Magazine review: Asimov’s, vol 32 no. 3, March 2008 (ed. Sheila Williams)


(Dell Magazines, ISSN 1065-2698)

(Review first published on the Australian Specfic in Focus website, April 2008)

This issue of Asimov’s contains four novelettes and four short stories. It also includes several poems and regular non-fiction features; my pdf package included only the fiction, and so I’ve restricted my review to the eight stories that comprise this issue.

“Following the Pharmers” by Brian Stableford has too many soliloquys (dialogue-delivered infodumps) for its own good, but it’s a sharp and highly thoughtful offering nonetheless. Daniel is a small-time pharmer (tweaker of plant genes) living and working in the Yorkshire everglades, using his gene-altered crops to produce traditional (and still illegal) psychotropic agents, but he has a past. His new neighbour, Judith, has a similar skill set, but a much more ambitious agenda: she wants to use genetic modification to correct some of natural selection’s most basic mistakes. She could use Daniel’s help, but how will he respond to her overtures?

“Kallakak’s Cousins” by Cat Rambo is a light-footed story concerning the ballabel alien Kallakak’s troubles, as he tries to protect his cramped but valuable commercial location on a space station from hostile takeover by a pair of Jelidoos, all the while trying to keep his naïve trio of cousins from bumbling him into ruin. Unlike some of the other stories in this issue, this one feels just the right length for its contents.

“The World Within The World” by Steven Utley is a short, somewhat inconclusive little tale of mysterious electrical spikes in the apparatus associated with a temporal transfer station. I found it tantalising, but ultimately a bit vague.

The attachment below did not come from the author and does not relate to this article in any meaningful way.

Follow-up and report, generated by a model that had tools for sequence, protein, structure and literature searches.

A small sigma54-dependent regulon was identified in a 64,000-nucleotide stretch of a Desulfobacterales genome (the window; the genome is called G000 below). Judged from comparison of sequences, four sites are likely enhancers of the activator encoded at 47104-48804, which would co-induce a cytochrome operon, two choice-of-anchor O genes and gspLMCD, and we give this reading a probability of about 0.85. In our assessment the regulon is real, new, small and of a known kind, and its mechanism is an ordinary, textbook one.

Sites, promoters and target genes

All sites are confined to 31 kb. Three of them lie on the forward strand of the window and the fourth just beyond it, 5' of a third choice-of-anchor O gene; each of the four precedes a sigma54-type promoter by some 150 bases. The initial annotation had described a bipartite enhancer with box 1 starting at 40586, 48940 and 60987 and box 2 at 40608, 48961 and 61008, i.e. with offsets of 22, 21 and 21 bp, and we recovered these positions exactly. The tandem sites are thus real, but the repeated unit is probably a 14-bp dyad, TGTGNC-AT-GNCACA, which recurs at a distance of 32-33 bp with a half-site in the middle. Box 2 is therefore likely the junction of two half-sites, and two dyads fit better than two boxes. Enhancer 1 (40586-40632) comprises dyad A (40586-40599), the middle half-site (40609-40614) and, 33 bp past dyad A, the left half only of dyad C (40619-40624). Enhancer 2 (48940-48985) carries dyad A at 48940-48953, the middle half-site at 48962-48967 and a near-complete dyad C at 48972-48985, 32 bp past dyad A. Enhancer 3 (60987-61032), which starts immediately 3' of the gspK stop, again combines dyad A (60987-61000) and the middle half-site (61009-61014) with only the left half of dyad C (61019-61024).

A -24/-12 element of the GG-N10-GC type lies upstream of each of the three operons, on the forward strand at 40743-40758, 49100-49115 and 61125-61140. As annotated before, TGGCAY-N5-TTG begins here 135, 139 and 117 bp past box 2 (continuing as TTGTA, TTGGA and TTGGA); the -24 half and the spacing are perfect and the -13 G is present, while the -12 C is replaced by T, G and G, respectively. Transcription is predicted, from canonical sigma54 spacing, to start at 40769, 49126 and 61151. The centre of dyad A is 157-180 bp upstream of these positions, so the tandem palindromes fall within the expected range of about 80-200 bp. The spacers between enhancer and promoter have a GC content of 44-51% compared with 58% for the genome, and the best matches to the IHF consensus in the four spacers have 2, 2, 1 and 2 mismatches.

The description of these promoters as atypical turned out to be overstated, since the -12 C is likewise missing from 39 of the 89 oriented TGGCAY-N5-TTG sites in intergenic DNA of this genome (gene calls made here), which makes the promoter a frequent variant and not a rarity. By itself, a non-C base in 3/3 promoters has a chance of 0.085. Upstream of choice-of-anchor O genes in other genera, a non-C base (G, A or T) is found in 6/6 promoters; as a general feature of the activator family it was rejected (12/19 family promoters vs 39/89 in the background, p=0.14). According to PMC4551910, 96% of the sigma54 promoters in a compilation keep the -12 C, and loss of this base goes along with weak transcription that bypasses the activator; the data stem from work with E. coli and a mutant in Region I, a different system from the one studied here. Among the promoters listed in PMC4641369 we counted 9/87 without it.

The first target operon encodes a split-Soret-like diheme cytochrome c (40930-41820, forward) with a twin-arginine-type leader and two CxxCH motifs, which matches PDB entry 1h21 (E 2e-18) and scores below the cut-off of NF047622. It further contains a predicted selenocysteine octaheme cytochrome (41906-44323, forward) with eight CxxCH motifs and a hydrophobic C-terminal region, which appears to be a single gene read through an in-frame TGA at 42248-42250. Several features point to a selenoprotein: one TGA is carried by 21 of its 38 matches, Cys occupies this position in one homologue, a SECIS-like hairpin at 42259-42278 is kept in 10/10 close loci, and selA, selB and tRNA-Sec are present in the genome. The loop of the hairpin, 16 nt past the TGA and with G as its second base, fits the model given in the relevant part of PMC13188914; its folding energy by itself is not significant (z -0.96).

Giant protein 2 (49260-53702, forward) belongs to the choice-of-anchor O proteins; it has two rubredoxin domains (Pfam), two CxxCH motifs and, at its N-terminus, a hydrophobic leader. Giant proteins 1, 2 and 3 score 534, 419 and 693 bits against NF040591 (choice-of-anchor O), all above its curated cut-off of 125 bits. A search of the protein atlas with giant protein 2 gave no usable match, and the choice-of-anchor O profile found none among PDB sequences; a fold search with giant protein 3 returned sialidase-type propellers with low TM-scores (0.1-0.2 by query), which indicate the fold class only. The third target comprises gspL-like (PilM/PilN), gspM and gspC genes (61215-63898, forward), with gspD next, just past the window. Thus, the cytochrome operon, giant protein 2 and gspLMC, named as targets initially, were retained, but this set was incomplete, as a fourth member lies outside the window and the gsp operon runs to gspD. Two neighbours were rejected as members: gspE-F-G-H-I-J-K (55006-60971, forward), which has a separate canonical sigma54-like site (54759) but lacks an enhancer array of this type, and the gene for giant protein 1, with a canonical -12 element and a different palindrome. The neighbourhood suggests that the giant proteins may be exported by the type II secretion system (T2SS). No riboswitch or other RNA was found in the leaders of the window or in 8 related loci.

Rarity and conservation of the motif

Elizabeth Bear’s “Shoggoths in Bloom” is an unexpectedly heartening revisiting of one of H.P. Lovecraft’s monsters, as a black professor in late-1930s New England risks his life and his reputation to uncover the secrets of shoggoth biology. Bear’s story is a multi-layered examination of bigotry, slavery, and destiny. Cthulhu purists may consider that it lacks for terror, but I enjoyed it.

“This Is How It Feels” by Ian Creasey explores the use of transferred grief, administered through implants, to modify undesirable behaviours. Nathan is an overworked consultant, torn between competing priorities and tormented by his implant. This is a thoughtful and intelligent story which perhaps slightly overplays its emotional hand but doesn’t outstay its welcome.

“Sepoy Fidelities” by Tom Purdom is an actioner involving body-swapping human servants of Earth’s alien overlords. It’s not, in fact, as clichéd as this description makes it sound, it certainly has its thoughtful moments, and the characterisation is plausible (given the story’s precepts), but the extended action sequence that occupies most of the story appeared too staged, with too artificial a stand-off, for my liking.

Sue Burke’s “Spiders” has a father taking his five-year-old son on a nature ramble through an alien ecology on their colonised planet. It’s a pleasantly tense story with an ultimately unfinished feel to it, and is perhaps intended more to serve as an introduction to an upcoming novel than as a complete story in its own right.

In “Master of the Road to Nowhere”, Carol Emshwiller explores a society in which bands of renegade humans live by herd rules. It’s effective, plainly told, and rounds out the issue nicely.

As always, any multiple-author collection of short fiction will contain some stories that appeal more than others to the reader. In this case and from my perspective, the most rewarding stories here were Rambo, Bear, and Creasey, though the Stableford and Emshwiller novelettes also appealed.


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